Resource centre for greenhouse gas accounting
Ministère de la Transition Écologique
Réduire la taille du texte Agrandir la taille du texte

A company

Corporate mobilization with regard to GHGs

French companies showed themselves to be ahead of the game by carrying out the first GHG emissions inventories in the early 2000s. Companies of all sizes are today well-versed in this exercise, conscious of both how challenging and yet how useful it is to determine the GHG emissions related to their business activity.

Whether mandatory or not, and whether for large or small companies, there is an urgent need to act.

Knowing your emissions enables you to target your actions more precisely.

There are support measures for companies wishing to reduce their emissions.

Greenhouse gas (GHG) emissions, and mainly those of CO2, reflect the dependence of our activities on the use of fossil fuels. In order to prepare French companies for an economy in which energy will become increasingly expensive, it is important to enable them to analyze their own dependence.

To be efficient, this analysis must be sufficiently broad to enable company bosses to obtain a precise overview of the "carbon vulnerability" of their activity.


Inventories for organizations

You will find on this site all the information you need to support you with your GHG Inventory approach from start to finish:




Below are presented exercises that have a more or less direct link with carbon accounting, particularly concerning the collection of data or the use of emission factors.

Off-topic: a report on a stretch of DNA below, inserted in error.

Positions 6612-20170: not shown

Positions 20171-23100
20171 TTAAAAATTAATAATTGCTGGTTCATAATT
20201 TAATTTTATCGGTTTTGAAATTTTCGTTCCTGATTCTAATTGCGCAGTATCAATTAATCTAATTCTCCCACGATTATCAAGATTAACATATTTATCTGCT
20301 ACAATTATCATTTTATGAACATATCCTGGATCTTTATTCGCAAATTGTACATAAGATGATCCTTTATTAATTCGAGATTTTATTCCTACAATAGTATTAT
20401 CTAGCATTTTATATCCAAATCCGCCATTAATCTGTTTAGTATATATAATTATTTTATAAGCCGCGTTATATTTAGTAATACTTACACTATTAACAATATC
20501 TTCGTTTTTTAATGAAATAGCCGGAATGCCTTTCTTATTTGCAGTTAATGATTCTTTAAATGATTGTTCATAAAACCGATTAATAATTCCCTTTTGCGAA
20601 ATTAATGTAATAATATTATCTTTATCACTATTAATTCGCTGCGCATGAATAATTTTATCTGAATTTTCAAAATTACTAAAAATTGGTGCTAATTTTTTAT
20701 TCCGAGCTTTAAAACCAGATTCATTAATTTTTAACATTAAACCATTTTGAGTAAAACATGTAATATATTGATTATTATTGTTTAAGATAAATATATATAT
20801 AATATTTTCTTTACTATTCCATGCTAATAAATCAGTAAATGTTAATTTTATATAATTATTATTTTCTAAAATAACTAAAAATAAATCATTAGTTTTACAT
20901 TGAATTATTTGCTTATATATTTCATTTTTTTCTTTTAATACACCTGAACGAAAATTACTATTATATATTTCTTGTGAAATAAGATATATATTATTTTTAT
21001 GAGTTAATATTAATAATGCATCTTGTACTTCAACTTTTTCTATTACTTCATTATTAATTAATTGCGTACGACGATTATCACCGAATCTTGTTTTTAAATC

A certain number of points presented below will be affected by the Government bill concerning Energy transition.



Regulations and procedure

To achieve the national objectives in terms of reducing greenhouse gas emissions, a set of provisions has been put in place. Below are presented exercises with a more or less direct link with carbon accounting, particularly concerning the collection of data and the use of emission factors.

Regulatory GHG inventories (article 75)C02 information for transport services and C02 objective Energy audit for businesses EU-ETS European quotas marketTerritorial Climate & Energy Plan (PCET) Environmental labeling of general consumer products



Other environmental assessment procedures

CO2 objective

The French Ministry for Ecology, Sustainable Development and Energy (MEDDE) and the Agency for Environment and Energy Management (ADEME), in consultation with the professional organizations, have drafted "the voluntary charter of commitments for the reduction of CO2 emissions" called Objective CO2. Launched officially in December 2008, the charter is part of a global approach to combating climate change, and more precisely to reducing CO2 emissions (mainly, greenhouse gases). By the same token, it is also intended to help road freight transport and passenger road transport companies to reduce their fuel consumption and in this way keep down their fuel costs.

This approach allows these companies to commit over 3 years to a concrete and tailored action plan with a view to cutting back on their fuel consumption and consequently reducing their CO2 emissions.

  • vehicle;
  • fuel;
  • driver;